What do these kind of works suggest about the nature of story telling?  Why can we deduce from their ability to leap different media and form?



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The Sequel, Remake, Redux Edition

So often I hear a great many people complain about “Sequel-Mania” or the number of remakes being made of movies that aren’t even old (at least to the person making the statement).  Even the Washington Post wasted ink on the subject ; believing it is detrimental to the creative world.  The elitism can be heard in a great many of these arguments.  People just don’t have fresh ideas and aren’t as creative as they “used to be.”

Bahhh.  I don’t buy it.  In fact, I remember watching the first X-Men movie when it came out and I knew that I only enjoyed it as much as I did because I knew there would be sequels.  If X-Men 1 was all there would be, I would have been deeply disappointed.

As Thomas Foster  reminds us, there is only 1 story it and keeps getting retold time and time again.  So the fact that sequels are abundant is not entirely surprising.  More importantly though, I think the Washington Times and others miss the point.  Yes, studios and even publishers look to launch series and a strong influence is the financial benefits.  Yet, such arguments undermine the fact that the audience wants more.  No matter how much we enjoy a story, we look forward to the next installment.  We want to know what happens next.  We can accept “happily ever after,” but we never seem to want to put it to rest.  And this is nothing new!  This is why L. Frank Baum wrote so many books about Oz; why Sir Conan Arthur Doyle had to bring back Sherlock Holmes; it’s why the Illiad followed the Odyssey which was later followed by the Orestia and then the Aeneid.   We are drawn towards serial storytelling and some films (not nearly all by any means) can offer that.

It’s also why we see so many alternative tales; stories about previously written stories told through the eyes of different characters or retold in new ways.  We get The Dracula Tape as Fred Saberhagen’s attempt to recast Dracula as a good guy.  Gardner’s Grendel providing the contemplative monster due to be killed by Beowulf.  Tad Williams delivered Caliban’s Hour to show us what The Tempest looked like through the monster’s eyes.  Wicked gets to the heart of the Wicked Witch’s dilemma in the Oz books.  That’s the tip of the iceberg.  We also have authors who have written sequels to older books such as Stephen Baxter’s The Time Ships as the sequel for HG Wells' The Time Machine or Dacre Stoker’s sequel, Dracula the Undead to his great grand-uncle’s Bram Stoker’s Dracula.  We love continuum; getting to know characters and finding out where they go from there.  This explains the extensive publishing of Star Wars books, Twilight, Spenser, and Inspector Poirot.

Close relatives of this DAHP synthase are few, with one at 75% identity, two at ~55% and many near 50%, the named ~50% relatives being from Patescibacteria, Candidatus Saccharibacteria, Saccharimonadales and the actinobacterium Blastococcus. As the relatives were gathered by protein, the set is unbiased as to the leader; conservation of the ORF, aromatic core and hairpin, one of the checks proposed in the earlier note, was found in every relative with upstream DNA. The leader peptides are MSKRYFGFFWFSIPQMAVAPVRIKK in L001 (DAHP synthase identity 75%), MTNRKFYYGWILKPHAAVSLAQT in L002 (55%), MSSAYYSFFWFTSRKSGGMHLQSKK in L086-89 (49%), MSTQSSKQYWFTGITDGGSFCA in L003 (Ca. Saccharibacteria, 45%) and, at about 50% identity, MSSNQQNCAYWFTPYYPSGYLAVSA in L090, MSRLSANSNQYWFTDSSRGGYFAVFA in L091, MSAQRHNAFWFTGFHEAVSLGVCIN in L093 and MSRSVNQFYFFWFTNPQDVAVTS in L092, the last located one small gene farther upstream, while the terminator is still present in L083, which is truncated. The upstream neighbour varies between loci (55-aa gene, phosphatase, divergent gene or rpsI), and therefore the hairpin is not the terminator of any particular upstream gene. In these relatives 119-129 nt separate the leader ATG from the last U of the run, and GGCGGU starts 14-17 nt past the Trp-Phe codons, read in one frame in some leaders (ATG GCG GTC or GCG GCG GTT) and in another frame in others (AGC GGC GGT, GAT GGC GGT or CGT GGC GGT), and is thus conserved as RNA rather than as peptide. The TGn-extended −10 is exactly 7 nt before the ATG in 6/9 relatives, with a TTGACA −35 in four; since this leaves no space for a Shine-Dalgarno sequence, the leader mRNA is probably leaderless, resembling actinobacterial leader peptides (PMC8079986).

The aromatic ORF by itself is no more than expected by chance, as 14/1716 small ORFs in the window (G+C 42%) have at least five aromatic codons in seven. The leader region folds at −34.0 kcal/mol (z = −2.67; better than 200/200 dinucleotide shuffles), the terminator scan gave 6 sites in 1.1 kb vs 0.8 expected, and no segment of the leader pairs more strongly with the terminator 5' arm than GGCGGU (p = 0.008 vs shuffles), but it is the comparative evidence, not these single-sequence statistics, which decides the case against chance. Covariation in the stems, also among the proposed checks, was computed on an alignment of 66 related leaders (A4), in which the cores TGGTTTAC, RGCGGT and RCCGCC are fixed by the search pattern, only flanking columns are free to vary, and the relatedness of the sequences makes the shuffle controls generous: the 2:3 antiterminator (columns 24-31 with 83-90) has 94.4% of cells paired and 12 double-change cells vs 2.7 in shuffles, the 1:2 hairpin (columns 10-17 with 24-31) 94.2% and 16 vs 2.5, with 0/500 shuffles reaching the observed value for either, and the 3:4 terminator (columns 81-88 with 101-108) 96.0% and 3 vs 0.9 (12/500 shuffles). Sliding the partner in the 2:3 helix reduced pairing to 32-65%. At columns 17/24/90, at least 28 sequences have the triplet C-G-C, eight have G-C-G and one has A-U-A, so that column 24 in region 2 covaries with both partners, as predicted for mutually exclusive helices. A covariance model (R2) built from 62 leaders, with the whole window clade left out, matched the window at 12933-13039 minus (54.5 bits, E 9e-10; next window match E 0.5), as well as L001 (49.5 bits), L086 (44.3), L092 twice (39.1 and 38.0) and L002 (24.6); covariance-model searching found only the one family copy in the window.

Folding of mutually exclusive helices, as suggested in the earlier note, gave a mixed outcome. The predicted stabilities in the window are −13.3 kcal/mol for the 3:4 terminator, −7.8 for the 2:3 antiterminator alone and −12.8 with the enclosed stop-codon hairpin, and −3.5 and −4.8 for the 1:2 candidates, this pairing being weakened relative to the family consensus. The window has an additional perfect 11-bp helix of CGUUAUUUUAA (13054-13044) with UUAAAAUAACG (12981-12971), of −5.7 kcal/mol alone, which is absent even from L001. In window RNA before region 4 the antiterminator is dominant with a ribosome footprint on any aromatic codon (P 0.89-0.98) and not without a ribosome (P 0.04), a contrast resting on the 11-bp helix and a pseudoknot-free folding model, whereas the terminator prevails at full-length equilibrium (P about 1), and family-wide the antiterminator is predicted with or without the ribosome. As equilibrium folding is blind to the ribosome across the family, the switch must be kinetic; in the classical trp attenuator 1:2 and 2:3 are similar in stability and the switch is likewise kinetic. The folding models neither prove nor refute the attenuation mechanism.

Recapturing the Past

This desire for recapitulating our characters into new settings is also at the cornerstone of the remake industry.  Indeed, remakes are very akin to those twice-told tales through different viewpoints; only it’s the director’s different viewpoint instead of the character’s.  We’re always curious to see what will be the new way the old information is re-presented.  I’ll admit I can be pretty harsh in this regard; I’m still doubtful about seeing the recent remake of Nightmare on Elm Street.  After all, I grew up watching Freddy Krueger (now paging Dr. Freud!), for anyone but Robert Englund to be Freddy is sacrilegious.  But the remake is a solid deal for creators and viewers alike.  Creators work with what is likely to be a guaranteed money-maker (in addition to the film, merchandise will be substantial for most remakes—I’m sure this Halloween, they’ll be more Freddys’ out than there have been in a while).     But also, because of the insular audience, directors/writers have an opportunity to be playful, provocative, think out of the box about what they want to do with it.  It’s kind of like getting a replacement car that is the same make and model but can be customized very differently.

The Intertextual Existence of Beowulf